Simmer all ingredients together until reduced by about half. Pull out star anise. With a hand blender, puree the soup until smooth. Add cream. Taste and season as needed.

This has to be one of the best and easiest cooking processes for a soup. Simply throw all ingredients in a pot and cook until stock is reduced and vegetables are soft. It’s beautiful. Don’t add too much cream as it starts to bury the butternut squash flavor.

My sister-in-law is a connoisseur of soup. She arrived shortly after it was ready and immediately fell in love. You will too.

Happy Eating

PANZANELLA: A Tuscan Bread Salad

As mentioned in my post about Chicken Valdostana, the class also made Panzanella that evening. This is a Tuscan bread salad. I had never thought of a salad without lettuce. Chef Tim Belarde is a fantastic cook. I recreated this dish for a dinner with friends. I was a little nervous but all tasters said that it came out very nice.

Panzanella

1 loaf fresh sourdough bread
2 bunches fresh basil
4 Roma tomatoes
1 medium red onion
1/2 cup freshly grated Parmesan
1/4 cup red wine vinegar
1/2 cup extra virgin olive oil
Salt and fresh ground black pepper, to taste

Cube bread into 1″ pieces and lay out on a sheet pan. Drizzle 1/4 cup of olive oil over cubes, season with salt and pepper. Bake in 400 degree oven for 10-12 minutes. Outside should be toasted. Set aside to cool.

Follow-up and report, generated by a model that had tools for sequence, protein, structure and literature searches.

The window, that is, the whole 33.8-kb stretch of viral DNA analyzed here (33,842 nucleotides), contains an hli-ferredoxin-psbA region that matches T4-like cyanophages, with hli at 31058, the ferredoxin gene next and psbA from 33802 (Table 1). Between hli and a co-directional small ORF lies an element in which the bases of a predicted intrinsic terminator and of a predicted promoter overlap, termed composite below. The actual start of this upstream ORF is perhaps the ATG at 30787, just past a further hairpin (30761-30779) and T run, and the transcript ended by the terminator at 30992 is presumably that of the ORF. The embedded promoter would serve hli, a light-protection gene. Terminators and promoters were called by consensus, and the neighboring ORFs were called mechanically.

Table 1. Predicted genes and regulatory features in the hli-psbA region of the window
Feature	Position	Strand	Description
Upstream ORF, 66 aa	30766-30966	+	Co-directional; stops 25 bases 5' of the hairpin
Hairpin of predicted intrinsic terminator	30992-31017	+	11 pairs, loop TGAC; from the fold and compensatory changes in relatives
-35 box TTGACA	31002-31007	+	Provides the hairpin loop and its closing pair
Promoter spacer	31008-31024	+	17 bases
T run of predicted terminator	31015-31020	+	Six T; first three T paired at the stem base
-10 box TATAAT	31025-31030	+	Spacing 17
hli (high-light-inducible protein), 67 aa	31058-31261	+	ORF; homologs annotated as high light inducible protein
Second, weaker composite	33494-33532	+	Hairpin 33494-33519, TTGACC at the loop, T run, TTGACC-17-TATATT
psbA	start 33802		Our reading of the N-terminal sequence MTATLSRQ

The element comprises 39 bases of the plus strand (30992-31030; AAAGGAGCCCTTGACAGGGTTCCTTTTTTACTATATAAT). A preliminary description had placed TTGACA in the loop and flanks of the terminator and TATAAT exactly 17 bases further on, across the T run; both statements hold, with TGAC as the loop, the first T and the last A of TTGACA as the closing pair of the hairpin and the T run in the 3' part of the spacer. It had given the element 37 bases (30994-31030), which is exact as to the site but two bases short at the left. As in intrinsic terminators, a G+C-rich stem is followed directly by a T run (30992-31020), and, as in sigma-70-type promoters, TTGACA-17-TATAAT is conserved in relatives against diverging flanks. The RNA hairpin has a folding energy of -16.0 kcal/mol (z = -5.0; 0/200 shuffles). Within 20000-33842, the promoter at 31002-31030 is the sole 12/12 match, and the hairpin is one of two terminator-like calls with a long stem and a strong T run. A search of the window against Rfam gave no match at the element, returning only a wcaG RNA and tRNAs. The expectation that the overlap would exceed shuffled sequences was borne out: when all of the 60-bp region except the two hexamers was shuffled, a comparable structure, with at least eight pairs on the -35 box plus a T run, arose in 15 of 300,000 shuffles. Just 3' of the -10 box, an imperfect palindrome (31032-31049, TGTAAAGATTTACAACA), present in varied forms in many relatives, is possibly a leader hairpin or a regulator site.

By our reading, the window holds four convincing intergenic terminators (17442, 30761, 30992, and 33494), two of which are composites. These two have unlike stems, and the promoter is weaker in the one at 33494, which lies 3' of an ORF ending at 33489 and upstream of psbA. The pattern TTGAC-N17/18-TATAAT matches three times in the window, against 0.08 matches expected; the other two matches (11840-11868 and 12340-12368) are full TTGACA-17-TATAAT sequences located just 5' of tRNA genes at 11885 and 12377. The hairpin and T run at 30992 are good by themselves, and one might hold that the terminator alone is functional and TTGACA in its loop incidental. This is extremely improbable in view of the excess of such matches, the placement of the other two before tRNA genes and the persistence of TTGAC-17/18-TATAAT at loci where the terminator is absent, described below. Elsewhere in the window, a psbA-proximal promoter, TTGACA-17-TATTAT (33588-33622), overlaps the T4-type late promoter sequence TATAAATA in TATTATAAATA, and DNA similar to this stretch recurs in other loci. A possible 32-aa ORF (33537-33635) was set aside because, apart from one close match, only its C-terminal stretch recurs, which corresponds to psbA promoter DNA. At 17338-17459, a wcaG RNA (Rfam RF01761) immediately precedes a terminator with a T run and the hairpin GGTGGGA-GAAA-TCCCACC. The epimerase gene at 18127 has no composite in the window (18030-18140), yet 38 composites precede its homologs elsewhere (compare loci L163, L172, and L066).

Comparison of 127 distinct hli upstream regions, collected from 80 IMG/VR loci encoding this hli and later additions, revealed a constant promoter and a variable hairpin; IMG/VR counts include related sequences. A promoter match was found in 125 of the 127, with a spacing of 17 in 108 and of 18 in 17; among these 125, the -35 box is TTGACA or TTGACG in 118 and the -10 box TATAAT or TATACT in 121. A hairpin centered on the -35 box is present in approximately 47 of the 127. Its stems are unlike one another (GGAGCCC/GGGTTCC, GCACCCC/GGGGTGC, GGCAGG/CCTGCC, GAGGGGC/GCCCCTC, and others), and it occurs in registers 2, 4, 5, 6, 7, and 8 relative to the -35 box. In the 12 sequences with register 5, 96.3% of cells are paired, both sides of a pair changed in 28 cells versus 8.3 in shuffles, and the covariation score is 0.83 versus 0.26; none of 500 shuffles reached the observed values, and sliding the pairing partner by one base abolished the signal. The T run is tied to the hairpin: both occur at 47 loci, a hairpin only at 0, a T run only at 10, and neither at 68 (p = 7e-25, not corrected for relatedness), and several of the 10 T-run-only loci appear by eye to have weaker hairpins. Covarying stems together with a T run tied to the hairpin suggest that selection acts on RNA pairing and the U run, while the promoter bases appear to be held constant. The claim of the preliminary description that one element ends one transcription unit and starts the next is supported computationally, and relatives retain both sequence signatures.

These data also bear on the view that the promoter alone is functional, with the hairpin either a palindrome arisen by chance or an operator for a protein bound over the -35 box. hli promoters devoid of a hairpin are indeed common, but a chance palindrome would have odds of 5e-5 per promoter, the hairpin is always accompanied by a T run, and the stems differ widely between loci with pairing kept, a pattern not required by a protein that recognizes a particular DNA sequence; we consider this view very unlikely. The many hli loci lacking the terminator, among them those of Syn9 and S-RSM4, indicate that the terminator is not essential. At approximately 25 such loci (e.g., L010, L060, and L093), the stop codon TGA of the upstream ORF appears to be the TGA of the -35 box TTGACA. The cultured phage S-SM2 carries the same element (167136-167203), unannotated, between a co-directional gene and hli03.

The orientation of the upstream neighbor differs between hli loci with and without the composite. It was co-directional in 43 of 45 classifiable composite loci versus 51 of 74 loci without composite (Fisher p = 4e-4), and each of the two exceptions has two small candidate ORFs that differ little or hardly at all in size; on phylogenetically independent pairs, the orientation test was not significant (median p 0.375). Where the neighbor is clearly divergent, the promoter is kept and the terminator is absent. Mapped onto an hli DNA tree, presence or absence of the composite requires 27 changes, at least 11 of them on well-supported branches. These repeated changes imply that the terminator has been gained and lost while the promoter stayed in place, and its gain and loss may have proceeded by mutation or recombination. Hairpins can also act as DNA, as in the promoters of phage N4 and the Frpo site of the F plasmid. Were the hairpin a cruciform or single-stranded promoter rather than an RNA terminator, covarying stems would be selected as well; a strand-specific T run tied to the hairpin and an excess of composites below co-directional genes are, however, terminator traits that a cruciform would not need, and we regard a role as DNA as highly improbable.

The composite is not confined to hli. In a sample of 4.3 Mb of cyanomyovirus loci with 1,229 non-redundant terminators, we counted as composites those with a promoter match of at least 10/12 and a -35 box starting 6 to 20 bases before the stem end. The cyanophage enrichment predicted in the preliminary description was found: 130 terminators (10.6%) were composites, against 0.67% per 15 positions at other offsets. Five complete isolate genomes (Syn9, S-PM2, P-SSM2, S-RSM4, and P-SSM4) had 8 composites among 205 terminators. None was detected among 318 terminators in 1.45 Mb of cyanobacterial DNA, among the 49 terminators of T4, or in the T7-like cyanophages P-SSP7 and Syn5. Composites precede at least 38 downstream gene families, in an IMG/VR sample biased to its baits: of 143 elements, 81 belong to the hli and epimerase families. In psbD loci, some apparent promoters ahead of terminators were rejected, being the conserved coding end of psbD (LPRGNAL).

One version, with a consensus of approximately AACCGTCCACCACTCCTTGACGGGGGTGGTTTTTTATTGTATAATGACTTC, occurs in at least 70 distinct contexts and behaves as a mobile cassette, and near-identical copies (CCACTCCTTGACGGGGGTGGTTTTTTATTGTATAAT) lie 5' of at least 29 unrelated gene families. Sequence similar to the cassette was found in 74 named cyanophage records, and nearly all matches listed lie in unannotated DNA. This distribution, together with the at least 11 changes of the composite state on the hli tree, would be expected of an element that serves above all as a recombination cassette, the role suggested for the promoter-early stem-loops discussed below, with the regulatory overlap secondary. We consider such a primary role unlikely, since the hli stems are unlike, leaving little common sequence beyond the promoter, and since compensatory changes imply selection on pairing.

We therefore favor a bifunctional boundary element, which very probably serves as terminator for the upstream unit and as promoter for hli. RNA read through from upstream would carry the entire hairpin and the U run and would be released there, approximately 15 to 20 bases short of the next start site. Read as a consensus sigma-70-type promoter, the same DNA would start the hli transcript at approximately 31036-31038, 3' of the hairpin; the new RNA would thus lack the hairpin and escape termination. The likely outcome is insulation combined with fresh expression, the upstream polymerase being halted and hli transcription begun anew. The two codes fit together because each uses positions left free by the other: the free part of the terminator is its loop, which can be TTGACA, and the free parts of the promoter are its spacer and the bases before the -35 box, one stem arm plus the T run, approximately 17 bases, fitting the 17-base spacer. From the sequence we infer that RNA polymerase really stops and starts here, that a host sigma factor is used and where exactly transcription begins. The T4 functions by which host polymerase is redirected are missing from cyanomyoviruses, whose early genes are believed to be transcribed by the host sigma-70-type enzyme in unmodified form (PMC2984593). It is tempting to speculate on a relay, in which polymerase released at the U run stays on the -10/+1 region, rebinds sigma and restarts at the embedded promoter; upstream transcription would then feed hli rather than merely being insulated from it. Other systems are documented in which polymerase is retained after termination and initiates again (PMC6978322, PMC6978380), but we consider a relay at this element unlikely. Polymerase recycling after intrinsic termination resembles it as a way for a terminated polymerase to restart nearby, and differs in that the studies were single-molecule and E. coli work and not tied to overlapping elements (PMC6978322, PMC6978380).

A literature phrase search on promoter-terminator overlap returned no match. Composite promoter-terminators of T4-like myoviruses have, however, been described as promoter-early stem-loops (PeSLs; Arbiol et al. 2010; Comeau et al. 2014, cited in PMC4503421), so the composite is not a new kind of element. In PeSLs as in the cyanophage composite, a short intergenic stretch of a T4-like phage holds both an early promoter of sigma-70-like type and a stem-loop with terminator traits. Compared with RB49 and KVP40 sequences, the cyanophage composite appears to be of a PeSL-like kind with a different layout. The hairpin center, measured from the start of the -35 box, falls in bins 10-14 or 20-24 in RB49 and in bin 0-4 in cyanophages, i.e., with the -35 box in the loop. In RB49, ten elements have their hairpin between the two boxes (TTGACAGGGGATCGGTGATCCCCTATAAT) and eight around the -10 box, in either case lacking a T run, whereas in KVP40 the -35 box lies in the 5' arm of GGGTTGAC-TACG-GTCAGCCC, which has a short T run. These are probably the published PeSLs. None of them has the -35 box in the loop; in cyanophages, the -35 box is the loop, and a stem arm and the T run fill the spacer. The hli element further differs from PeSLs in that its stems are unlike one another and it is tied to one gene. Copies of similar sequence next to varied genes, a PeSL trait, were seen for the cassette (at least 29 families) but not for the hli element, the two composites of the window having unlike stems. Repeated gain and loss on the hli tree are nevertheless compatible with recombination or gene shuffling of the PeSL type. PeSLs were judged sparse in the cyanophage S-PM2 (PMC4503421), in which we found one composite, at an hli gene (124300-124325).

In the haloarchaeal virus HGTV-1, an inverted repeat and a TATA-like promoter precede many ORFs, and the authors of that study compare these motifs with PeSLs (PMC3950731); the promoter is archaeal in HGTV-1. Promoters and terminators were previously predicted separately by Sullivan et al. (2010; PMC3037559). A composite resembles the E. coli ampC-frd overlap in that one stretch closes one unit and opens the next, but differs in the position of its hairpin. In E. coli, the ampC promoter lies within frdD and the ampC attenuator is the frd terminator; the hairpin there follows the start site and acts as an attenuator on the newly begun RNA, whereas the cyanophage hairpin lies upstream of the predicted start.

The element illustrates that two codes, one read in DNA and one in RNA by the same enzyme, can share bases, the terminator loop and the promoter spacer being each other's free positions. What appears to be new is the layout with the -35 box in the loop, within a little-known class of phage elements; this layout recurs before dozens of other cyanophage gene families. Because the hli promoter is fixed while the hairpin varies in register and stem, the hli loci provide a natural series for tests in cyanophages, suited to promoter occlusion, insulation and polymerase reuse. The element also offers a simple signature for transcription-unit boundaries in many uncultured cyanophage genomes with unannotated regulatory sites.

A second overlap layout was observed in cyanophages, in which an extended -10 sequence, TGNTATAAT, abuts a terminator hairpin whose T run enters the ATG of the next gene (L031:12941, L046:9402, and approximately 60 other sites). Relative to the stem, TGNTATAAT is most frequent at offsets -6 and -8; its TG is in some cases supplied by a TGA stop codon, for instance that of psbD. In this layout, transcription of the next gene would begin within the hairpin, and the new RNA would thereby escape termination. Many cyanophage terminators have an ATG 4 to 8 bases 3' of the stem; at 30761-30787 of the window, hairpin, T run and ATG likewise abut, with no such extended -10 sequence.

Dice tomatoes in 1/2″ pieces, coarsely chop basil, and sliver slice the red onion.

Add all ingredients in a large salad bowl, season to taste, toss and serve.

As I write this, I can taste the panzanella. The ingredients make a perfect party in your mouth. The trick is the bread. If you bake it too long, it’s tough like croutons; if not long enough, the bread cubes get soggy quickly. It’s the perfect “salad” compliment to a meal.

Happy Eating

Hawaiian Nachos: A simple yet fabulous Appetizer!

While visiting Florida last January, my Cousin and his wife had a fabulous nacho appetizer waiting for us. After flying all day, we were definitely hungry. They said that the recipe came from their daughter. I immediately sent her a message to thank her.

Hawaiian Nachos